Sexist behavior by mids allowed to thrive too long

MICHAEL OLESKER

September 01, 1992|By MICHAEL OLESKER

Having infuriated nobody much except the U.S. Naval Academy, its commanding officers, and by extension the entire Navy family on land and sea around the globe, Dr. Carol Burke heaves a sigh familiar to anyone who has ever had a mother.

It's a sigh that says, "Boys will be boys. But why?"

She's an authority on such matters. Dr. Burke, now associate dean of arts and sciences at the Johns Hopkins University, taught English and directed the writing center at the Naval Academy for seven years, ending in the spring of 1991.

Last month, she wrote an article for the New Republic based on her years in Annapolis, called "Dames at Sea." The magazine's editors liked the piece so much that they splashed it on the cover with this line: "The Navy's Sex Jokes." But nobody at the Naval Academy is laughing.

Taking dark note of the highly publicized Tailhook convention scandal, in which naval officers allegedly assaulted 26 women (some of them fellow officers), Burke's sketch of life at the Naval Academy makes it seem an absolute breeding ground for such Neanderthal behavior.

Academy officials have quietly gone ballistic. Superintendent Thomas Lynch says none of the incidents Burke cites was ever "officially" condoned. Other brass say Burke should have spoken to academy officials before making anything public. They also say her accounts are based on ancient history.

"Ancient history?" Burke said yesterday. "I don't think so. Some of this was going on in the spring of '91, when I left. I told the dean about it. I talked with other officials. I told the dean about the secret society, the WUBA Klux Klan. He said he'd check into it. But, with the Navy, you bring up something embarrassing and then never hear about it again."

You want examples? As this is a family newspaper, the mildest ones will have to suffice.

The WUBA Klux Klan, for example. WUBA is an acronym which originally stood for Women's Uniform Blue Alpha but has since come, unofficially, to be translated as Women Used By All. The WUBA Klux Klan is the school's secret collection of outspoken critics of women in the military. They've solicited members to rid the academy of women.

"Women at the Naval Academy," Burke writes, "learn to accept silently what many view as intimidation. Like their male counterparts, they quickly learn that complaining of mistreatment is viewed as a sign of weakness and draws unwanted attention to them.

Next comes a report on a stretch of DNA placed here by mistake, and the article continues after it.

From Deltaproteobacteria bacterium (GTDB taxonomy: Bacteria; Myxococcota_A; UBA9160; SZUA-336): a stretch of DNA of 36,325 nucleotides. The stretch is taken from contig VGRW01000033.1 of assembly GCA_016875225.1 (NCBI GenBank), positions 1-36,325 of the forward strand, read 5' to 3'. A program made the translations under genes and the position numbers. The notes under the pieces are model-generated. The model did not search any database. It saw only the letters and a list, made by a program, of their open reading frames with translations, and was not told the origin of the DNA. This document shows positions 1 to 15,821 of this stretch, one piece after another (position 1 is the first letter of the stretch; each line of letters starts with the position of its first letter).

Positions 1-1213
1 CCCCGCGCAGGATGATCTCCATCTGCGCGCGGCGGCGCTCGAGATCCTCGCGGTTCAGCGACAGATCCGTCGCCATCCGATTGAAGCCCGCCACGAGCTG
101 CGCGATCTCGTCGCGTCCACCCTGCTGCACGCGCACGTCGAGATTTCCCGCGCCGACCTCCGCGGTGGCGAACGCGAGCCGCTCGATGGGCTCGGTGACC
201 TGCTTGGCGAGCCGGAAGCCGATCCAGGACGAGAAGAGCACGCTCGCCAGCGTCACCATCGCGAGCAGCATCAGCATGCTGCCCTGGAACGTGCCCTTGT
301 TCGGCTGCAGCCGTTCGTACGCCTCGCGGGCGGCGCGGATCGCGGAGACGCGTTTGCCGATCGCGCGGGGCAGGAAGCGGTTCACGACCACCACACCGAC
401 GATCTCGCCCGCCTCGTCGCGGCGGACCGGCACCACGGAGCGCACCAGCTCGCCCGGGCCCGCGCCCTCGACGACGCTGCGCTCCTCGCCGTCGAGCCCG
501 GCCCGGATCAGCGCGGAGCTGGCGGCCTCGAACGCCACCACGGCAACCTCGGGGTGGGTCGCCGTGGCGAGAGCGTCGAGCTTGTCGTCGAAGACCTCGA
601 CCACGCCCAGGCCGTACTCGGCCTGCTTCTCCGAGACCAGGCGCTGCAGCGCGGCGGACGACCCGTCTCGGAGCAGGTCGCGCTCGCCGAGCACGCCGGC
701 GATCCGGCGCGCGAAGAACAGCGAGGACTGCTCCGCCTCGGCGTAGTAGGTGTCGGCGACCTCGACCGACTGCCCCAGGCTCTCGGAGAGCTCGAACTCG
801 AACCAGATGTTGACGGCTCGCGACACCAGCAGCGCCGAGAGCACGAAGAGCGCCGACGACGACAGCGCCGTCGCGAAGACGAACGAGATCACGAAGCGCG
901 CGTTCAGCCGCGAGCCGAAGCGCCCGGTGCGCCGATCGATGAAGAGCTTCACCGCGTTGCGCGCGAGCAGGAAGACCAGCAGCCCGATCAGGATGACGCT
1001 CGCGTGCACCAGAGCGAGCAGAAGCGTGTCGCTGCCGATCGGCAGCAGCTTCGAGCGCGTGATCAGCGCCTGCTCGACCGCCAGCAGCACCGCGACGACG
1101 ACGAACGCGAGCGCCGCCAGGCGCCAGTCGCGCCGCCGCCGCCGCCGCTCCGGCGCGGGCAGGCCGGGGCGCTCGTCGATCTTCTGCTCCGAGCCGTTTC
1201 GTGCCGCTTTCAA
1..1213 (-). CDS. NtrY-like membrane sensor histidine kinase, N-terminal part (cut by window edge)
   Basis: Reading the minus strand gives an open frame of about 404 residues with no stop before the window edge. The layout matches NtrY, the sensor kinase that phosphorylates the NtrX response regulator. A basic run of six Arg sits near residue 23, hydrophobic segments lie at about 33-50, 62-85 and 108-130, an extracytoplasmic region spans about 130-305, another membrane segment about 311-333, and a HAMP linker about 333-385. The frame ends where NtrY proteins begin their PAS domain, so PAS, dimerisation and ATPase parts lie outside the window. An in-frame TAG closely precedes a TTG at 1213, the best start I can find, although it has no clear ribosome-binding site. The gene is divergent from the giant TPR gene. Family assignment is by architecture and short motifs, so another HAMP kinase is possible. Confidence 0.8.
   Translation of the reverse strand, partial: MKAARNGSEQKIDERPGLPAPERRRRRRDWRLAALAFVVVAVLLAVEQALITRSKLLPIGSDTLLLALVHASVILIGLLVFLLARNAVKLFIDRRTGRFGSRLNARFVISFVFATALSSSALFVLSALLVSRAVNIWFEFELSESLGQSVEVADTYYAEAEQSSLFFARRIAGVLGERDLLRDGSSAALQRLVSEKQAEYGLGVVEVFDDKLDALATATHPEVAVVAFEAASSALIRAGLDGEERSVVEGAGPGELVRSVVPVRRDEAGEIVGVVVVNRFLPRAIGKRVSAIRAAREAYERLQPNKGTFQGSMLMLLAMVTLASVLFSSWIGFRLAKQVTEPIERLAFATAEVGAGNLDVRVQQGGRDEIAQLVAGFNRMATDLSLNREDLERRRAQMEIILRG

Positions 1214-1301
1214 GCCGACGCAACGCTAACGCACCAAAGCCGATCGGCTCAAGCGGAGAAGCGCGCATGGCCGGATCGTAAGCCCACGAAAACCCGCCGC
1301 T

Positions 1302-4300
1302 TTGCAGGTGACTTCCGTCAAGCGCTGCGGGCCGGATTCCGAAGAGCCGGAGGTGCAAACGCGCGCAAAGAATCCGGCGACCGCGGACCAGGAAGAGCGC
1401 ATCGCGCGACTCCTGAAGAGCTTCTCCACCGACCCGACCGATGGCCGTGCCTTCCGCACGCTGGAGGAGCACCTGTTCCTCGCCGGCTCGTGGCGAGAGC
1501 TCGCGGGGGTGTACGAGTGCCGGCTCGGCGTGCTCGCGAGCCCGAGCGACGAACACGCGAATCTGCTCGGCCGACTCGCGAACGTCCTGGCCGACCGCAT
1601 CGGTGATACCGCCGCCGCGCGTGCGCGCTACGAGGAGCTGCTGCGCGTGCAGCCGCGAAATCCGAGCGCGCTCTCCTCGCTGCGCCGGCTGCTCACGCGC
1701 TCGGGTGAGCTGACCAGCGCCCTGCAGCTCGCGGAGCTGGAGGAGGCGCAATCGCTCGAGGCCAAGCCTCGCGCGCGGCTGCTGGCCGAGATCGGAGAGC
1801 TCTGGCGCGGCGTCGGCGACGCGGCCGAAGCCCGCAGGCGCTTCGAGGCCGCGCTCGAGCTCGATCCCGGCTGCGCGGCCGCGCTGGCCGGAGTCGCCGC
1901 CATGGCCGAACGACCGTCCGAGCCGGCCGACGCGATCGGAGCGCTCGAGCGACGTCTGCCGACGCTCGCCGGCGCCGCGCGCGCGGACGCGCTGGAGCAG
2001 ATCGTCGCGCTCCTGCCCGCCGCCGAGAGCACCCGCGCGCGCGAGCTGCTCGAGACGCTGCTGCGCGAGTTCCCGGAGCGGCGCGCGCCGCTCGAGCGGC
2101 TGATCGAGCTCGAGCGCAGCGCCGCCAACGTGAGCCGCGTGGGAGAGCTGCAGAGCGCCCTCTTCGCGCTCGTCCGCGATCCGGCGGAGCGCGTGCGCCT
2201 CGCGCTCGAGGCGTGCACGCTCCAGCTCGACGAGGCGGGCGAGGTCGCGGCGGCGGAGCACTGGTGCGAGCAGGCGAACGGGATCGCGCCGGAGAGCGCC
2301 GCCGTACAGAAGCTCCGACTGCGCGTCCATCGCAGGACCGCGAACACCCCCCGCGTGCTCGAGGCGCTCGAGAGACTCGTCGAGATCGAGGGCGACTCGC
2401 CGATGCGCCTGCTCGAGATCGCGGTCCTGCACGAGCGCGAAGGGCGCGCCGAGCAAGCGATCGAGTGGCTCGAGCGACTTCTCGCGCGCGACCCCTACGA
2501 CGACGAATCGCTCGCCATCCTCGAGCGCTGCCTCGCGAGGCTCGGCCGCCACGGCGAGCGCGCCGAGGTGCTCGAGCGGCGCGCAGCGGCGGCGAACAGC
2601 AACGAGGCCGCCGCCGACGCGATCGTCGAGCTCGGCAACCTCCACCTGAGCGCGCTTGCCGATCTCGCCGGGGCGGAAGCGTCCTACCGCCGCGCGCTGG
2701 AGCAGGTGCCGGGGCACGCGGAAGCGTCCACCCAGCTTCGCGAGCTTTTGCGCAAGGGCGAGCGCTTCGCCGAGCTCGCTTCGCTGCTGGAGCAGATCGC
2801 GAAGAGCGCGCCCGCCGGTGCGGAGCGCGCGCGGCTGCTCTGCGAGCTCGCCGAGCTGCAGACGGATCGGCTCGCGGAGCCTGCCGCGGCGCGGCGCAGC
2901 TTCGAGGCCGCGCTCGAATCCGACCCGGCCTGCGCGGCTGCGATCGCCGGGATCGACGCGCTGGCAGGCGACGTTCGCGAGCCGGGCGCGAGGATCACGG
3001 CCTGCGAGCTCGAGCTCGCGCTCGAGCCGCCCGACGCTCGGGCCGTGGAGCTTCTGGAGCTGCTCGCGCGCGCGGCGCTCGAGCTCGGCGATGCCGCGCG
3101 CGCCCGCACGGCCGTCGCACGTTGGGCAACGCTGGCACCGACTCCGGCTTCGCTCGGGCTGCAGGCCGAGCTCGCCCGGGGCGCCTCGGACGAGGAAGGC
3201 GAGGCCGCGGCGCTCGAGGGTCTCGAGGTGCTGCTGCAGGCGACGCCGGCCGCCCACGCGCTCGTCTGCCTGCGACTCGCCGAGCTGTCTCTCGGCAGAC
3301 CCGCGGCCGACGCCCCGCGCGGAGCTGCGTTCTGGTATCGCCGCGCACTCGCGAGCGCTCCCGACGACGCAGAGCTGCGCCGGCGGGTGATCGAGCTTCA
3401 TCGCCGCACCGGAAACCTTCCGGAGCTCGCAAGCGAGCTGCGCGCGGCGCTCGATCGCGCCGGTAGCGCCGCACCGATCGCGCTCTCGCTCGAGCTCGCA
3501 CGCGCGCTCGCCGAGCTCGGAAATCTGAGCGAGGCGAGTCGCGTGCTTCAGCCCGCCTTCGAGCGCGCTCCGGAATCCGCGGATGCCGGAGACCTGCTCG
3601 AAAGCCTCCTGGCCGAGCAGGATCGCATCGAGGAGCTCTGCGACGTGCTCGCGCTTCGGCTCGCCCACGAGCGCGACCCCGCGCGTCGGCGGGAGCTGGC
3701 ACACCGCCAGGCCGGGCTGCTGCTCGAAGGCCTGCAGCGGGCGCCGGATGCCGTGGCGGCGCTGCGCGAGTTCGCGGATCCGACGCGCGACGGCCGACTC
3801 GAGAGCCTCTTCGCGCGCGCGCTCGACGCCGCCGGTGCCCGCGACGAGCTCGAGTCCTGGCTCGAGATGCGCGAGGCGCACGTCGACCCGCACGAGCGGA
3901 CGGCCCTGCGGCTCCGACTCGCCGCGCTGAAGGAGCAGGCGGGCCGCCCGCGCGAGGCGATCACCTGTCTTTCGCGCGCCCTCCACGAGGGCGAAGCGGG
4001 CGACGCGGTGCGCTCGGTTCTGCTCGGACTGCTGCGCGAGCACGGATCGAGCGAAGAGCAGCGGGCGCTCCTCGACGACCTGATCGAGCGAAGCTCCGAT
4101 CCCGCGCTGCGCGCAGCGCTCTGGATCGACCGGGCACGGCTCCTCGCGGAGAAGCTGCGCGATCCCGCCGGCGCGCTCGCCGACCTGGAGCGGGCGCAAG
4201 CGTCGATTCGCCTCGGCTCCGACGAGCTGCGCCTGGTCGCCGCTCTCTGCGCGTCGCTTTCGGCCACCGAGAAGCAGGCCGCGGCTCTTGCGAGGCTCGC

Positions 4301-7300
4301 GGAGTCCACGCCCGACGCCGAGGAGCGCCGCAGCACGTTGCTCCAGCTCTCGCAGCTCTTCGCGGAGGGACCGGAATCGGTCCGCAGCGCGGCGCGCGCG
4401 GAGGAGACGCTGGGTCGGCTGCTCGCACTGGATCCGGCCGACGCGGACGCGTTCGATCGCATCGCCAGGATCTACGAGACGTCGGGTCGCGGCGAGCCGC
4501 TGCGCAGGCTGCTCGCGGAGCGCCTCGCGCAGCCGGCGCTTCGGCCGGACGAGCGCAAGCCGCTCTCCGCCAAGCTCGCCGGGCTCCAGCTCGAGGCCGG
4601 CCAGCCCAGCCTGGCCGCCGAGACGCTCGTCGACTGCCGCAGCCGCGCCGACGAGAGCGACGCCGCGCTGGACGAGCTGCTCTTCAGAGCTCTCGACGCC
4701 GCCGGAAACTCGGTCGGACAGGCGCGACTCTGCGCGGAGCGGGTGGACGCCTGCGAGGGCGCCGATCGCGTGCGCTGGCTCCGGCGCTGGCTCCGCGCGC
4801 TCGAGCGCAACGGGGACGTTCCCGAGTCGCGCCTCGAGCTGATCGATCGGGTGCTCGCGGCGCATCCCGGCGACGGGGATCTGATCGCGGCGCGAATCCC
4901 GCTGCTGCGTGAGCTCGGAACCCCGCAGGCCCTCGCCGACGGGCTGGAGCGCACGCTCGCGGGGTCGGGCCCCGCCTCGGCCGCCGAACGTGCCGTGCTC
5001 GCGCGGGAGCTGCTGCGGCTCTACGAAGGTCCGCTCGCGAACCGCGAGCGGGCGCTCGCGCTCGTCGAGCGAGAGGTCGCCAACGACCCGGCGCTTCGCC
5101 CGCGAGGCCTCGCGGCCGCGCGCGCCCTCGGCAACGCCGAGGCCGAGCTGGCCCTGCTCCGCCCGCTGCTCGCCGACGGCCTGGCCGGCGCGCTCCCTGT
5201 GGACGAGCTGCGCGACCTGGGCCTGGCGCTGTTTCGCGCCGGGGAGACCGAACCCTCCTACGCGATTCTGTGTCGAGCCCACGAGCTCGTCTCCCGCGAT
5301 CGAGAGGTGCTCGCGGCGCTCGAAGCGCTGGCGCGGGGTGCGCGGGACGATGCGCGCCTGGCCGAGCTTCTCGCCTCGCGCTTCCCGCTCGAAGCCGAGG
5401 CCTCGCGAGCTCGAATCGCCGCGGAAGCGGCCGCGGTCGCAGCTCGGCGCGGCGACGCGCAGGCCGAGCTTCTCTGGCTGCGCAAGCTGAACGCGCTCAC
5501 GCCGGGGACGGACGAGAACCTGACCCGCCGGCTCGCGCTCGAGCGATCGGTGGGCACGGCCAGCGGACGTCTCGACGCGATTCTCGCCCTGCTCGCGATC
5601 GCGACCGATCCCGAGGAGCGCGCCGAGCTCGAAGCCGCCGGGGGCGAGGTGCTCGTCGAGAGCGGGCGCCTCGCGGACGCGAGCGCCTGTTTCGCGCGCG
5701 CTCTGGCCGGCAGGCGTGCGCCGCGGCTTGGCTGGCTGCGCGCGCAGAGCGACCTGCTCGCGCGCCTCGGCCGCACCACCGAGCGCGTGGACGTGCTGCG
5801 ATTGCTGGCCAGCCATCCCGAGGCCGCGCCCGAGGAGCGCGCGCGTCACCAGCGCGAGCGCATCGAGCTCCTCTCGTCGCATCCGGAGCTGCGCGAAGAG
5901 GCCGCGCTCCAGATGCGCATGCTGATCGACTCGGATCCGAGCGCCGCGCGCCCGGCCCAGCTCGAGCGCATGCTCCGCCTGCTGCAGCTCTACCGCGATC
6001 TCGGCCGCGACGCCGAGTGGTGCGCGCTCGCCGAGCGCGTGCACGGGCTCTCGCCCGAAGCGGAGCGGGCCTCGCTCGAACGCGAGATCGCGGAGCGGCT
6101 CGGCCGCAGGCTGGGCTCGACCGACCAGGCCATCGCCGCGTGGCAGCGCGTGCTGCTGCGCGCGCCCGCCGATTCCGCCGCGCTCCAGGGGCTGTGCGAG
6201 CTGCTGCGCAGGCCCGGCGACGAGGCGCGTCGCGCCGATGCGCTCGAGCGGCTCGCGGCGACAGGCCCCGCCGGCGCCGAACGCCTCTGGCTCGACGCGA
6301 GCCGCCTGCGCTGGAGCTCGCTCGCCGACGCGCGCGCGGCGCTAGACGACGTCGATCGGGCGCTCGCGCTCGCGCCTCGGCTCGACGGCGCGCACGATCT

"Their immediate supervisors, upperclassmen who have themselves withstood humiliating abuse and whose job it is to test these recruits daily, favor those who stoically withstand interrogation and intimidation."

What Burke paints are not so much individual outrages as random, daily routines such as this (relatively mild) sadomasochistic cadence call sung during her tenure in Annapolis:

"The ugliest girl I ever did see/

Was beatin' her face against a tree./

I picked her up; I punched her twice/

She said, 'Oh, middie, you're much too nice."

Burke writes, "Women students . . . must learn to cope with virulent forms of ridicule deeply rooted in Naval Academy traditions.

On Sunday nights each company awards 'the brick' to the

midshipman whose date is judged the ugliest of the weekend.

"After 'Pig Pushes' (dances to which girls from private schools in the Baltimore and Philadelphia areas are bused), the midshipman who dances with 'the biggest pig' wins a pool of money collected from his fellow company members."

In a letter sent to the New Republic, Rear Adm. Thomas Lynch, the Naval Academy superintendent, calls the magazine portrait "inaccurate. . . . Some elements of the essay may have occurred in the past; however, they were never condoned by the administration."

What's more, Lynch says the academy has taken pains to assess any sexist attitudes since "nearly three years ago, several well-publicized incidents brought academy practices in clear focus."

He's referring most famously to a female mid who was handcuffed by classmates to a urinal in a men's room, an incident that outraged feminists and other human beings but which one admiral referred to at the time as "high jinks."

"Such behavior will continue," Burke writes, "if not as an expression of the fighter/jock ethos fueled at the Tailhook convention, then as other forms of abjection."

Yesterday, Burke said she had openly collected files on routine sexist behavior while in Annapolis, a collection "everyone knew I was doing, although it wasn't until my last semester that I found out about the male glee club."

The reference is to songs sung by the club to amuse themselves on bus trips. The lyrics are too vulgar to reprint here.

Clearly, the Navy finds itself in an awkward position.

Academy officials say they've instituted a sexual awareness training program and tightened their grip on all activities, even "unofficial" ones, that might be considered sexist.

Much of this, in fact, was mandated by the U.S. Department of the Navy in the wake of the Tailhook incident.

"We don't see anything in that article which resembles the Naval Academy today," says Commander Mike John, the school's public affairs officer.

That's nice to think.

What's not so nice is this: Whenever it may have stopped, this behavior was allowed to flourish for a long time, and its seeds were those that eventually blossomed into the Tailhook incident and others too crude to report.

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